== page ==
"When you don't go to your maximum any given year, you have two years to use that in the following year if you need to," Kopin said. The $621,510 will be available for CAP banking and use in the next two years. "You can use that for mandatory increases," Kopin said.

Under the state-mandated tax levy cap of 2 percent, the borough could raise a maximum of $7,761,632. The actual amount they will raise by taxation in 2011 is $7,573,840, with a difference of $187,792 under the 2 percent tax cap.

"If we went to that maximum," Kopin said, "we would actually be at 6.19 percent increase in the tax rate rather than a 3.6. That's because there are exemptions added to that 2 percent property tax cap." The exemptions include increases in pensions, capital improvement fund payments and debt service payments.

Incoming Revenues

The budget anticipates raising $1,679,000 from miscellaneous revenues, such as licenses, store user fees, rentals, fees and permits. State aid for Chatham Borough will remain flat from 2010 at $572,099, and the reserve for uncollected taxes is $2,021,912.

The budget also has a capital improvements budget of $1,445,480 for everything from a new in-car camera system and vests for the police department, improvements to the firehouse, roads, drainage, curbs and sidewalks, equipment for the DPW and water utility capital projects.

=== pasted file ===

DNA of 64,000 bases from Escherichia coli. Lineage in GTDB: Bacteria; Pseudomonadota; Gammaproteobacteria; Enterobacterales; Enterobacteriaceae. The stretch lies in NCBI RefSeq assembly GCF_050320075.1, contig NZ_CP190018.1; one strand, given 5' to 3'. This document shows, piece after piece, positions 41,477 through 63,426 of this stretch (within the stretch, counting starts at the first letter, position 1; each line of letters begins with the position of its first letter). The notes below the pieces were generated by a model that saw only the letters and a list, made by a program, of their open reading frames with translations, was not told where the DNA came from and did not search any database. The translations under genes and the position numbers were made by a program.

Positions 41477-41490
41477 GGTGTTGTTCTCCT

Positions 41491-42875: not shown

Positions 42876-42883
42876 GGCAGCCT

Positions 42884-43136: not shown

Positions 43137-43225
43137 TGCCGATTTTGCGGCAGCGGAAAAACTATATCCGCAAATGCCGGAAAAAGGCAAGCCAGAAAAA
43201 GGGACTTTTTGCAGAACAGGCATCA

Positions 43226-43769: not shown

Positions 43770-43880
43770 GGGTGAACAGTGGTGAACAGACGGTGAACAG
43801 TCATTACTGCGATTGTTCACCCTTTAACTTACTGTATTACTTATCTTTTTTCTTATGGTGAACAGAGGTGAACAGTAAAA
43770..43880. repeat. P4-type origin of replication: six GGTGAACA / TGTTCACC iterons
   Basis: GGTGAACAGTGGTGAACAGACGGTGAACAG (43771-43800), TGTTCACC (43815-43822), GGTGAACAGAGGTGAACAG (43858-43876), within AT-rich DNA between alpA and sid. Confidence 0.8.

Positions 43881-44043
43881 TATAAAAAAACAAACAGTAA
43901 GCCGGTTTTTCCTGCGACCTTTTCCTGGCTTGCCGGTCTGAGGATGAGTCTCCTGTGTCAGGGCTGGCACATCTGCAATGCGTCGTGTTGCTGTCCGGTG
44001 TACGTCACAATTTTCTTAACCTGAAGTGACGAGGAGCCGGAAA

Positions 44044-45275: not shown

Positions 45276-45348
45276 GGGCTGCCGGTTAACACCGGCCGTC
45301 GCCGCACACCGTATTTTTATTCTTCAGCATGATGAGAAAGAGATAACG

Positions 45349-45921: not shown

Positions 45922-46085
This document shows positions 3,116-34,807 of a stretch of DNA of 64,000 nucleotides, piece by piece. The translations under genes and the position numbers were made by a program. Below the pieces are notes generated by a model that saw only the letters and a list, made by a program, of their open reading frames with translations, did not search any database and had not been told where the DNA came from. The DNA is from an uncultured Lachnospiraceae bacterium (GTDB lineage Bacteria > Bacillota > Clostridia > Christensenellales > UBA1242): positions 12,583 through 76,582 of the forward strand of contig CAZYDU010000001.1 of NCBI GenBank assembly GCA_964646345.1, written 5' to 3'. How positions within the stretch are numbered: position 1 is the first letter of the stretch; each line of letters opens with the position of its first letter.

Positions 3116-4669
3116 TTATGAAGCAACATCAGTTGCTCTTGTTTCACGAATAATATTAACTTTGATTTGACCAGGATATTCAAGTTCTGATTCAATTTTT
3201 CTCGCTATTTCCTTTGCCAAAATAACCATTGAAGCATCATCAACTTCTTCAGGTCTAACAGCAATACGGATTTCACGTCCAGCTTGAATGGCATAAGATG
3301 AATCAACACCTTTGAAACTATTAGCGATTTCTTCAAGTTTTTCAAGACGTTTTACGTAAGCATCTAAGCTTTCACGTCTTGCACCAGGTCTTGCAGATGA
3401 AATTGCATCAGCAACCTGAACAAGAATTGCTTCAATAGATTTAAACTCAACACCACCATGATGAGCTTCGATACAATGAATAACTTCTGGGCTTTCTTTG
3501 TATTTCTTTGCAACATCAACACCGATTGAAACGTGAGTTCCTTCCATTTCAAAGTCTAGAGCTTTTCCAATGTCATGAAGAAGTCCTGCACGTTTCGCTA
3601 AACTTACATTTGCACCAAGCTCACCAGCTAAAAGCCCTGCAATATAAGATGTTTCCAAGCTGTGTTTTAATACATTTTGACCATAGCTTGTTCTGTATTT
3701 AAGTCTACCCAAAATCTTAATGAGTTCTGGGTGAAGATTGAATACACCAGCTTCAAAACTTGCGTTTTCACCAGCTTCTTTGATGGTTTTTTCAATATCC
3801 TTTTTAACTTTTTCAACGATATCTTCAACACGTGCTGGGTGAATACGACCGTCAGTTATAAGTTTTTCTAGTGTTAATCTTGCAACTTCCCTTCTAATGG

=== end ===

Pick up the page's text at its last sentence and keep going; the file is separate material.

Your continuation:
Kopin broke down the allocation of tax dollars for borough residents. For each tax dollar paid, 62.25 perecent goes toward the school taxes; 16.58 percent goes to the county; and 21.17 percent goes toward municipal taxes.

A formal introduction of the budget will take place at the March 28 Borough Council meeting and a vote to formally adopt the budget on April 25.

Ron Swanson March 15, 2011 at 01:47 PM
A quarter of a million $ increase in mandated pension contributions? That is outrageous and is evidence of the need for serious pension reform from Trenton. These increases remove from Borough officials the ability to manage the town's finances and reign in the tax levy increase, which at 3.13% is very high in my opinion. Also, noonoe wants to talk about what our cops are pulling in - $93,000 in salary increases for cops? Chatham isn't exactly Fort Apache - let's hope future contract negotiations aren't as generous. I know our cops do a good job, but we can't continue to have property tax increases of this magnitude.